Archives For Brueggemann

 

Here are a few new book releases from this week that are worth checking out:

(Where possible, we have also tried to include a review/interview related to the book…)

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Sabbath as Resistance: Saying No to the Culture of Now

By Walter Brueggemann

Read a review of this book

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By C. Christopher Smith

In the current issue of CHRISTIANITY TODAY, Brett McCracken, author of Hipster Christianity, and the new book Gray Matters: Navigating the Space between Legalism & Liberty, offers his top 5 books on Christ and culture that have shaped this new work.

[ Read McCracken’s list on Christ and culture… ]
 
While McCracken’s list is solid, and I have a deep appreciation for three of the books on the list (Smith, N.T. Wright, Myers. Niebuhr’s work is dated and not particularly helpful and I haven’t read the Rogers book), I have been struck by recent statements by both Wendell Berry and Bill McKibben (in his new autobiography Oil and Honey: The Education of an Unlikely Activist) that the way forward for humanity lies in cultivating strong local communities. There often is a temptation to think of culture in the broadest, most abstract sense and to gloss over the particularities of the local cultures in which we daily live and move and have our being, therefore I thought that I would spin McCracken’s idea a bit and offer my own top 5 list, on the theme of Christ and LOCAL Culture.

I am eagerly anticipating the Spring 2014 release of The New Parish: How Neighborhood Churches Are Transforming Mission, Discipleship and Community by Dwight Friesen, Tim Soerens and Paul Sparks, next spring, which will likely supercede all of these books, but until then, you can’t beat these five books.

 


1) Journey to the Common Good by Walter Brueggemann.  [ Read our review… ]
Brueggemann provides here a compelling theology of church and local culture. He concludes the book by saying:”[A] biblical perception of reality is urgent for the imagination of the public community, especially if that public imagination has been enthralled for a very long time in the claims of Enlightenment rationality.  While there are huge gifts given in that rationality, what we cannot derive from the account of Enlightenment rationality is demanding, generous neighborliness grounded in God’s own passion for the neighborhood.”

This book and Brueggemann’s recent work with community development gurusPeter Block and John McKnight, moves his work to the top of this list of resources for understanding the relationship of Christ and local culture.
 
 

2) Body Politics: Five Practices of the Christian Community Before the Watching World by John Howard Yoder
Although Yoder’s work is coming under scrutiny of late, as the Mennonite church wrestles to understand it in the context of Yoder’s patterns of inappropriate relations with women, this is an essential book that demonstrates how five essential Christian sacraments each provide a way for churches to engage their neighborhoods and to leaven their places with the shalom that God intends for all humanity.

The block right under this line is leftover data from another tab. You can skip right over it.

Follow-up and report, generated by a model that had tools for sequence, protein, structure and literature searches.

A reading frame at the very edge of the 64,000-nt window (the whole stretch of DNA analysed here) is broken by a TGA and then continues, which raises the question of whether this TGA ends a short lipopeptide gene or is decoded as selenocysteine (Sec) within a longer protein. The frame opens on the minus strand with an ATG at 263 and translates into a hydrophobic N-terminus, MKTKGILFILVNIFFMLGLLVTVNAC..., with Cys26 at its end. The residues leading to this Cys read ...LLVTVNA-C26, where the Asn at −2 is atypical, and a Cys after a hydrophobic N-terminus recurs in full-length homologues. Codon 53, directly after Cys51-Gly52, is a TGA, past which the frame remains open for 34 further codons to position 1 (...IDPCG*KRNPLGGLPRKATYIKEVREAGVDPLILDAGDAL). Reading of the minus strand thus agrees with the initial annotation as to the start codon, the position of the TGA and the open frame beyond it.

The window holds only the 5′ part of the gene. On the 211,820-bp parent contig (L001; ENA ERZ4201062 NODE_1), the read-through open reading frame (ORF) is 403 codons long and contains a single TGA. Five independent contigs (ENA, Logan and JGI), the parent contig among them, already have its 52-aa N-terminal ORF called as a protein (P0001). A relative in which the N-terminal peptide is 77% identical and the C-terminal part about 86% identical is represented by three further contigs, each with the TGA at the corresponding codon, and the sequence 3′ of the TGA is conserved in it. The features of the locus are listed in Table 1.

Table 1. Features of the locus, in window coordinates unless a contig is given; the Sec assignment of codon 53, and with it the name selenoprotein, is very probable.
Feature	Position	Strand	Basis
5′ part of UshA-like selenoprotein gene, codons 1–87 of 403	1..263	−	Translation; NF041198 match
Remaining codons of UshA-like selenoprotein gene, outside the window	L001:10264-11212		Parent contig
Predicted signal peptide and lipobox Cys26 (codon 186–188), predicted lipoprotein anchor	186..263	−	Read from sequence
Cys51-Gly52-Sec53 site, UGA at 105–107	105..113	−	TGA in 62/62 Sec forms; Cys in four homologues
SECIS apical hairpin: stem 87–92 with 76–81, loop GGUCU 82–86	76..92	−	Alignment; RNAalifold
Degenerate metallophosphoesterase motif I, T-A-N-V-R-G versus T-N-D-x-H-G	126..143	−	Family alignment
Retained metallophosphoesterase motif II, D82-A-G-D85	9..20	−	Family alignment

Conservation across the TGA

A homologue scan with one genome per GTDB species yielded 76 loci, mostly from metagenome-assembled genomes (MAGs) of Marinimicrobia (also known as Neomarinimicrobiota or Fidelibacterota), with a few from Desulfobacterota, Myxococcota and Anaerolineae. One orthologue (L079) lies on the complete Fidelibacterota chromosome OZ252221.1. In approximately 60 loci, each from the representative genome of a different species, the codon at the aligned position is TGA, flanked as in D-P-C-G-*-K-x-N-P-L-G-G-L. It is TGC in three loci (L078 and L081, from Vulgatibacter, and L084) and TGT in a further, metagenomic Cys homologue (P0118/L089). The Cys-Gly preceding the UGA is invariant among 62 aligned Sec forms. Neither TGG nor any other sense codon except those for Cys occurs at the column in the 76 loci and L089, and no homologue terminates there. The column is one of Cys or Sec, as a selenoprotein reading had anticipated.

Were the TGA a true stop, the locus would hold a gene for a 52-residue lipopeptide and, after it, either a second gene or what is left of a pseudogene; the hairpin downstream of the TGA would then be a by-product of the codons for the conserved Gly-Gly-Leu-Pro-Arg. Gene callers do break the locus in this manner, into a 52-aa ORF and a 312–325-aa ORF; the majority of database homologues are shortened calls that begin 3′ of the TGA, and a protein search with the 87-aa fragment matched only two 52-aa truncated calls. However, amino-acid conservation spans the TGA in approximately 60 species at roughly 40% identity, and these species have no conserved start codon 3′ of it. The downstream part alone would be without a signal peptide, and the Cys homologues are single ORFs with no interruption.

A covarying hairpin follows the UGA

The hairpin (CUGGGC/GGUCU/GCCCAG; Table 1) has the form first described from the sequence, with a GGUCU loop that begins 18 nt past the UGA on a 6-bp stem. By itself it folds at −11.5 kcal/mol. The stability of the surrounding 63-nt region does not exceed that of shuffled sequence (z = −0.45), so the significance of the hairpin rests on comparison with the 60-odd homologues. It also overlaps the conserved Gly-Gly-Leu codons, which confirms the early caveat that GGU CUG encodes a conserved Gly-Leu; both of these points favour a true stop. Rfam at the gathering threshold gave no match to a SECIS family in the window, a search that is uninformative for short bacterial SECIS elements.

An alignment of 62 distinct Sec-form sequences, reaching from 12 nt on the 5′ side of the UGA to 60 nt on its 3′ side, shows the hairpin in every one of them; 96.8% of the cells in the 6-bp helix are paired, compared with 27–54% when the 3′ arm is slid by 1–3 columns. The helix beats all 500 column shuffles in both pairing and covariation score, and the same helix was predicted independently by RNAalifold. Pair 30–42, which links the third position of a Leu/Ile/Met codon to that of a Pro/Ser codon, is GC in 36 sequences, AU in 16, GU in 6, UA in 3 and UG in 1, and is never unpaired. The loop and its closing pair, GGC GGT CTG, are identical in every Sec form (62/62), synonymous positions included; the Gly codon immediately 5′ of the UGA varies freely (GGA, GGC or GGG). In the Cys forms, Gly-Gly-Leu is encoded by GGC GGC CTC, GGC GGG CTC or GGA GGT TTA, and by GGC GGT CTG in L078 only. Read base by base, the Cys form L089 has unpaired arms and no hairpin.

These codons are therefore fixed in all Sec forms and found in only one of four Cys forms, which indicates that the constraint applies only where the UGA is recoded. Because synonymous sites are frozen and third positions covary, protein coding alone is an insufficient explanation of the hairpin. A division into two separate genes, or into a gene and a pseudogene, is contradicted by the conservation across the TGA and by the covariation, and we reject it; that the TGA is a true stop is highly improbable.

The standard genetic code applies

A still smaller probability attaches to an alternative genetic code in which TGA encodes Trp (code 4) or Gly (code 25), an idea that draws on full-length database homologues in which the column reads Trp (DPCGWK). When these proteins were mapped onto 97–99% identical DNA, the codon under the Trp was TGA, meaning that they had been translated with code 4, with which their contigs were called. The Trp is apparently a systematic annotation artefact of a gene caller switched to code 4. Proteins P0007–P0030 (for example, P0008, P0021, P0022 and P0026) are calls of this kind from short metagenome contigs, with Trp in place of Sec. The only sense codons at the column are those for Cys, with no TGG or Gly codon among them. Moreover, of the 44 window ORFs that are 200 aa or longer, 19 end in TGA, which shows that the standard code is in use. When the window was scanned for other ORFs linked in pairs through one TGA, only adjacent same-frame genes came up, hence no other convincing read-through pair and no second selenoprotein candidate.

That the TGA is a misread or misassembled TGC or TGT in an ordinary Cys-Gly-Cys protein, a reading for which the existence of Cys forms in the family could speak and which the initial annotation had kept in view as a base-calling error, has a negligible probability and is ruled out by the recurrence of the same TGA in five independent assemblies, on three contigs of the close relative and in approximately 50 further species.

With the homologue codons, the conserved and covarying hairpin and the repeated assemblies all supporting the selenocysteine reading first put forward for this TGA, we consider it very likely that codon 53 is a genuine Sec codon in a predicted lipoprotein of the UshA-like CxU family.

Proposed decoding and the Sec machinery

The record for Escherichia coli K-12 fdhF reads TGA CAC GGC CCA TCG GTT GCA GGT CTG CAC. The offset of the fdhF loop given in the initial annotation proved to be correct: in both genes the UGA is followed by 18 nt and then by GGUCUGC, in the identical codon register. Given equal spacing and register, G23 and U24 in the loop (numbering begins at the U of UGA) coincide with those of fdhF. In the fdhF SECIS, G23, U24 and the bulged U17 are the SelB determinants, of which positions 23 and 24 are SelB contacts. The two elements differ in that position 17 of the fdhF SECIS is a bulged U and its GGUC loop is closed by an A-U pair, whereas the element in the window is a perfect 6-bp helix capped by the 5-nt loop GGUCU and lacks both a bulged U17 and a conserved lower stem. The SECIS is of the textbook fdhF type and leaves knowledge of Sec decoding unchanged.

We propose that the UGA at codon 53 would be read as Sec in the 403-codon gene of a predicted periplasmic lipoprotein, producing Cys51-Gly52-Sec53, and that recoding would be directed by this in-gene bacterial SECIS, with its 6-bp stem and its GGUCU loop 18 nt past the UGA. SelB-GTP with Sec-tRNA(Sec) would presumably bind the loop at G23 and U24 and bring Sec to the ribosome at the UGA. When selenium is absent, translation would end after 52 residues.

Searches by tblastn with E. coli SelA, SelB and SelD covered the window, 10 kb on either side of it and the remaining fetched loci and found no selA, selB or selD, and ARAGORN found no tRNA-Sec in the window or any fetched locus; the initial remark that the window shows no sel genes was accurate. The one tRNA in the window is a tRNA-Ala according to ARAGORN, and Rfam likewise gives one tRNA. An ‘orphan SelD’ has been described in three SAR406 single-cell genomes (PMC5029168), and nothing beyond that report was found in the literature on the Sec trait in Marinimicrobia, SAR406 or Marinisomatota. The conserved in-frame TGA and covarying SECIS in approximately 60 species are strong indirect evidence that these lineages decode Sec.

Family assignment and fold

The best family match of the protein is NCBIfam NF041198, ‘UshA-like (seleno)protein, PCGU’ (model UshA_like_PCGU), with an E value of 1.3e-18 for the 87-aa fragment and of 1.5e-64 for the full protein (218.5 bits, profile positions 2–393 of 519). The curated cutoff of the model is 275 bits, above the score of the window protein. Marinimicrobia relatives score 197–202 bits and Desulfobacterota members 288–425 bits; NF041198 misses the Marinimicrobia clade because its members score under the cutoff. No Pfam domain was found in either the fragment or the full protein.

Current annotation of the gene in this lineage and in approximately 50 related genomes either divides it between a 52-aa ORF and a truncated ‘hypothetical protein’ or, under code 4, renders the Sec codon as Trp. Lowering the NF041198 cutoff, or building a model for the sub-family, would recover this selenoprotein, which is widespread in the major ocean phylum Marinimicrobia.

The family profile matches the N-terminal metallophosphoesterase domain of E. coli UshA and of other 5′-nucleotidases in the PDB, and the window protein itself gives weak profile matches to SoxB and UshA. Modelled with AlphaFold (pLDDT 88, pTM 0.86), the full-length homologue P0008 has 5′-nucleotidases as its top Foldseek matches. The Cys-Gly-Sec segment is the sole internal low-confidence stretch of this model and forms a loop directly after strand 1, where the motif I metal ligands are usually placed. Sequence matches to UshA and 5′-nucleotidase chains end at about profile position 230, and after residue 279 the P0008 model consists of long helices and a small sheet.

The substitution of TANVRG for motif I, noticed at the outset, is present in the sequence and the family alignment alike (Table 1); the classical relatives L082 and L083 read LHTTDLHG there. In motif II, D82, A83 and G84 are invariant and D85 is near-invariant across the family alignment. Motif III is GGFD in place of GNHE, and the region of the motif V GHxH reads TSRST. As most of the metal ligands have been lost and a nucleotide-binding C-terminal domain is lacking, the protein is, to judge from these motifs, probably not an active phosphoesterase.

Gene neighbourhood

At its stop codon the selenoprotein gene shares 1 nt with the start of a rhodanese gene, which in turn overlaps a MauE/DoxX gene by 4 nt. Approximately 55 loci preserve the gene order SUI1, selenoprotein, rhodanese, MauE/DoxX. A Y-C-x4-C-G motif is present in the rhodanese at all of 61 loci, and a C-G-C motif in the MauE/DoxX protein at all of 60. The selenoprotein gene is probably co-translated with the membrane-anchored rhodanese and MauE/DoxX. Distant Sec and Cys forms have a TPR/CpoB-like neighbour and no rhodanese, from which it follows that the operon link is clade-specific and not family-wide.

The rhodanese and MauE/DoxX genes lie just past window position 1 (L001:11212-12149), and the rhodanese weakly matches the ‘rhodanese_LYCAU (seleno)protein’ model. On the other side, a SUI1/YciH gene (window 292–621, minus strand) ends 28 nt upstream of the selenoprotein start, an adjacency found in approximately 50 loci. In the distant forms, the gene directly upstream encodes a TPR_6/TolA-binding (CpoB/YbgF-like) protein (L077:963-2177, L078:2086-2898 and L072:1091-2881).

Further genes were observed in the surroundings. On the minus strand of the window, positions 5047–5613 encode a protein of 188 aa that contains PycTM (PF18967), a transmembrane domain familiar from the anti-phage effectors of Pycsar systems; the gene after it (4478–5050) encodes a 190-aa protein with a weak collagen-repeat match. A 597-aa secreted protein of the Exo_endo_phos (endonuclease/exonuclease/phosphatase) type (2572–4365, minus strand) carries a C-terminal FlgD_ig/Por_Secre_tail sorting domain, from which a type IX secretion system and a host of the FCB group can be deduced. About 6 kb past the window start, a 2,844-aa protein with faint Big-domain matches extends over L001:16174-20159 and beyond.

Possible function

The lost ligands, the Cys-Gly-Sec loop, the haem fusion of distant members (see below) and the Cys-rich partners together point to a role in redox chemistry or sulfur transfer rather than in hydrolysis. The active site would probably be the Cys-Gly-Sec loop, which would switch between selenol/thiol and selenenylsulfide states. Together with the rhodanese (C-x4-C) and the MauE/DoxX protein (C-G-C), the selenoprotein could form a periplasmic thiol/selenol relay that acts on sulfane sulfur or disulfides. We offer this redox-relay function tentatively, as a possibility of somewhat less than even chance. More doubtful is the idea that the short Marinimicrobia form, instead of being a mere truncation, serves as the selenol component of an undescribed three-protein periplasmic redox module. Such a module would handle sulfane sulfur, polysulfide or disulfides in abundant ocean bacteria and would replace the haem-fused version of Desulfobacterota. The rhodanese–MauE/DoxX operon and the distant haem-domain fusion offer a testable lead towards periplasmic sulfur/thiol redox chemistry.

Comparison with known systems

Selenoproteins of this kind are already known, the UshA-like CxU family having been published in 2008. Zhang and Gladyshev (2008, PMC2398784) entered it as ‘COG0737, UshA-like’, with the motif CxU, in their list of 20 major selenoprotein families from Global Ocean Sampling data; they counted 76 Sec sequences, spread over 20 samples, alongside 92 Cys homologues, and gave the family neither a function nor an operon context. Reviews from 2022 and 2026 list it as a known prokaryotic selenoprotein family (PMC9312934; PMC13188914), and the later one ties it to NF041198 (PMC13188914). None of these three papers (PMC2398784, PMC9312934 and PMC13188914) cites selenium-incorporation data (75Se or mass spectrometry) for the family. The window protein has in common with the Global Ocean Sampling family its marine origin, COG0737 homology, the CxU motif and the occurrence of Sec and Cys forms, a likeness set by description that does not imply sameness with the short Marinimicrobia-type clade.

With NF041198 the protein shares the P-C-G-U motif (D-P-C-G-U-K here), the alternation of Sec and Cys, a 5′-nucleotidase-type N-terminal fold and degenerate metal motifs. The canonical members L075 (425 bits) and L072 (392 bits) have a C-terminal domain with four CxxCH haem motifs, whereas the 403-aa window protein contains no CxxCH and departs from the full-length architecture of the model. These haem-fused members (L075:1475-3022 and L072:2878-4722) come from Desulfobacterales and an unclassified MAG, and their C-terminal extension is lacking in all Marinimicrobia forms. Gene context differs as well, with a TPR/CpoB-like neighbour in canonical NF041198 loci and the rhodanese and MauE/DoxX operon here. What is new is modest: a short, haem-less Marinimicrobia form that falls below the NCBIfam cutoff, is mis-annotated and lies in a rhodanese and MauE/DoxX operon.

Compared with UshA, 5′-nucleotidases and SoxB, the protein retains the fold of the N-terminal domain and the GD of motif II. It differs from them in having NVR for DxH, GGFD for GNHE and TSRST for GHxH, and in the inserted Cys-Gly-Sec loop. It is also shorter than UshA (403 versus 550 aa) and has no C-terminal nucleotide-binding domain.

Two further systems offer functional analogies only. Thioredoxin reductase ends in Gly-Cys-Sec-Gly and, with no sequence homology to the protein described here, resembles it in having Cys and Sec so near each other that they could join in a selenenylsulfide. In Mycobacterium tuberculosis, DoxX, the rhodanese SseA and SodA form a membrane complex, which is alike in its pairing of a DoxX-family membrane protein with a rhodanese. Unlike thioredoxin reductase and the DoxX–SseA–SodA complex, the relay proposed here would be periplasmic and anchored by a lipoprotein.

3) The Wisdom of Stability: Rooting Faith in a Mobile Culture by Jonathan Wilson-Hartgrove.

[ Our 2010 Book of the Year – Read our review… ]

As long as a we continue our habits of moving from place to place every few years as individuals, families and churches, we are unlikely to bear much fruit in the work of engaging our neighborhoods. As the most prominent non-monastic book on stability, Wilson-Hartgrove makes a compelling case for staying rooted in our places.
 
 

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In our continuing effort to fund the work of The Englewood Review, we offer you the opportunity to buy bargain theology books from CBD that we think of are interest.

Buying books this way is a win / win / win proposition. You get great books for a great price, CBD gets the sale and we get an excellent referral fee from CBD.

This week’s Bargains:

231217: Mandate to Difference: An Invitation to the Contemporary Church Mandate to Difference: An Invitation to the Contemporary Church

By Walter Brueggemann / Westminster John Knox Press

$5.99 – Save 70%!!!

What role should the church play in the world today? This is the question esteemed theologian Walter Brueggeman strives to answer in his work Mandate to Difference: An Invitation to the Contemporary Church. His most recent collection of essays calls the church to “set itself in tension with the rest of the world.” Instead of drawing inward, Brueggemann asks the church to publicly choose a different way—to “courageously defy political polarization, consumerism, and militarism.” By demonstrating a different way, the church can lead the world forward “and adversaries can be turned to allies and to friends.”Brueggeman is the William Marcellus McPheeters Professor Emeritus of Old Testament at Columbia Theological Seminary, Decatur, Georgia.

829541DA: Tell It Slant: A Conversation on the Language of Jesus in His Stories & Prayers - Slightly Imperfect Tell It Slant: A Conversation on the Language of Jesus in His Stories & Prayers – Slightly Imperfect

By Eugene H. Peterson / Wm. B. Eerdmans Publishing Co. / Hardback

$6.99 – Save 71%!!!

2009 Christianity Today Book Award of Merit in Spirituality